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NEWS | Feb. 14, 2023

Leader Interview: SFC Asher, TRADOC CADD

SFC Asher, FM 3-0 subject-matter expert
SFC Asher, FM 3-0 subject-matter expert
(click on image above to access FM 3-0)

MSG Half-Mast recently stopped by scenic Ft Leavenworth, Kansas to meet and greet SFC Matthew J. Asher, the face of the newly updated FM 3-0, Operations (Oct 22).

SFC Matthew J. Asher currently serves as a spokesman for the Combined Arms Doctrine Directorate (CADD) at Ft Leavenworth. CADD falls under the US Training and Doctrine Command (TRADOC). SFC Asher made his first appearance there in early 2021 and typically hangs around the post's gyms, commissary, DFAC and bowling alley, talking with Soldiers. He supports static displays with members of the CADD team and recently appeared in a Fall 2022 doctrine developer’s newsletter article regarding multidomain operations. Some find him a bit two-dimensional (MSG Half-Mast can relate), but few know FM 3-0 better than this seasoned NCO.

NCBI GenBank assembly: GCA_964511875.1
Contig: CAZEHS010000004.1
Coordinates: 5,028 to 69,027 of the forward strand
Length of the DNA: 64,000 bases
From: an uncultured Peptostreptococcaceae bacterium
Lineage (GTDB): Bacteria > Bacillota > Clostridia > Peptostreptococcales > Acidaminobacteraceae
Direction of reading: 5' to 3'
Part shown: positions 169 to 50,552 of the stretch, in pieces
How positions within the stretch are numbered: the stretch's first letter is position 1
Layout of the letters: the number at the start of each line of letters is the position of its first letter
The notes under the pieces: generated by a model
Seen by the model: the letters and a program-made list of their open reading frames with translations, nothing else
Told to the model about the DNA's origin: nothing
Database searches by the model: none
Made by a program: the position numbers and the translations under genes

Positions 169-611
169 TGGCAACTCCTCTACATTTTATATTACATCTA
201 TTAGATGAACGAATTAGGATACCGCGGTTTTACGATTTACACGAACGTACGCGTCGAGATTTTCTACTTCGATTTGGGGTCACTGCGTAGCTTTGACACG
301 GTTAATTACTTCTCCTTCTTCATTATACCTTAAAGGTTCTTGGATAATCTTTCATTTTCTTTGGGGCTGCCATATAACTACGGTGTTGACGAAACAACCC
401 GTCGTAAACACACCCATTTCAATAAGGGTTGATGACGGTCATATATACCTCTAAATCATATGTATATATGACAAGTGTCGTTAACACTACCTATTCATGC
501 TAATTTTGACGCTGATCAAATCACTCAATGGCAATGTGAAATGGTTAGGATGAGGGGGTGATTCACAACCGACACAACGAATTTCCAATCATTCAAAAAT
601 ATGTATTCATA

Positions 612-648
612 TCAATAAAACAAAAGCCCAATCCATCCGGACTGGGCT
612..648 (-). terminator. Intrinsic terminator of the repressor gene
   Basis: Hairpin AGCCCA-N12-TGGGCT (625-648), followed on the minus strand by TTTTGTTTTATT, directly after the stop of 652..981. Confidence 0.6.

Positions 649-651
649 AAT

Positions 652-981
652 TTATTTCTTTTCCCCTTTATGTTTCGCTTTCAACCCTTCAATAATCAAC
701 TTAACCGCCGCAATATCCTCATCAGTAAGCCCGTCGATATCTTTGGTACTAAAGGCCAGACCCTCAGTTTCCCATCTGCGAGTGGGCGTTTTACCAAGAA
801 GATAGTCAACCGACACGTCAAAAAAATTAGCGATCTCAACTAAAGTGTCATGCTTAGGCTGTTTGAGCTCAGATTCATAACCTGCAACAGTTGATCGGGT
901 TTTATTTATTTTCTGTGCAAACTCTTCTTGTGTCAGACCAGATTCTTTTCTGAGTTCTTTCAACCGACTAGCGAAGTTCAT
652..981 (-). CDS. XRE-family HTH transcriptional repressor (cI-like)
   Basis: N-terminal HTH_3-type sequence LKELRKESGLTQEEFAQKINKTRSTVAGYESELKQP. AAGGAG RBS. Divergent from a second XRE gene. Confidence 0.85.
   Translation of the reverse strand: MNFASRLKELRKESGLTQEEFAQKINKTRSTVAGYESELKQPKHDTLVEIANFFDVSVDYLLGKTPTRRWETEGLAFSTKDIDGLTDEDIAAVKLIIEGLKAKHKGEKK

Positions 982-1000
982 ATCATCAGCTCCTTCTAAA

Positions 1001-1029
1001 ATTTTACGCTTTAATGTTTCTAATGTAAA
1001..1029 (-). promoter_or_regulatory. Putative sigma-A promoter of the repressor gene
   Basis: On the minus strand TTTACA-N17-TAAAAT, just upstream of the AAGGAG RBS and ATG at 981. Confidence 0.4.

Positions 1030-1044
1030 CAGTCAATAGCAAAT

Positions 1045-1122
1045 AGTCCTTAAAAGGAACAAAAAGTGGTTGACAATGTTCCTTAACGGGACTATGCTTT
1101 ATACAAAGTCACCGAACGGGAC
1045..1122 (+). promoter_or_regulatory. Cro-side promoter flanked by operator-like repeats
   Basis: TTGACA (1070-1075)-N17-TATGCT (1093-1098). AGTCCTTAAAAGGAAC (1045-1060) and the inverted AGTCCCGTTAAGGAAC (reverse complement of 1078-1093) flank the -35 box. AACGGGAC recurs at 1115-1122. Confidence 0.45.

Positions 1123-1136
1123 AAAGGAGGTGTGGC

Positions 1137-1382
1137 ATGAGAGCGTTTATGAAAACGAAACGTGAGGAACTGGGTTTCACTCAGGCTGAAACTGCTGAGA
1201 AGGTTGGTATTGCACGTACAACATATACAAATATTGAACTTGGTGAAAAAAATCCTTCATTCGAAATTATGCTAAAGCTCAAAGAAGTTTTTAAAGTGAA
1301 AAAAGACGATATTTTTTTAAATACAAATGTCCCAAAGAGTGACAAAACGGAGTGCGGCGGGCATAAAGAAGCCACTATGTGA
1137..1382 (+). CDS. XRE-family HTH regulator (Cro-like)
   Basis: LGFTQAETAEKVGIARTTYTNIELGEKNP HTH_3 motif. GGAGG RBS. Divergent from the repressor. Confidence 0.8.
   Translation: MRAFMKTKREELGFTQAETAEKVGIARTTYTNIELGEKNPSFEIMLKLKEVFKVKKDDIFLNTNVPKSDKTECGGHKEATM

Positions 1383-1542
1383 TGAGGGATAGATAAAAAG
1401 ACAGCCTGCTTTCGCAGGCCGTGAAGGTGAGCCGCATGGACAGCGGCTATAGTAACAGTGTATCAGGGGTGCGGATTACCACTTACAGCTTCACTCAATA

MSG Half-Mast: It’s a pleasure to make your acquaintance, SFC Asher. My understanding is that your mission is to help get Soldiers interested and invested in “reading and heeding” doctrine. Why is that important?
SFC Asher: Every profession has a foundational body of knowledge that shapes how and, more importantly, why individuals and organizations perform their jobs the way they do. For the Army, doctrinal publications form a significant portion of that body of knowledge (as you know, technical manuals or TMs form another). But, producing and publishing these manuals is only half of the battle. Soldiers need to know where to find the latest doctrine, and they must read and understand the fundamentals it contains.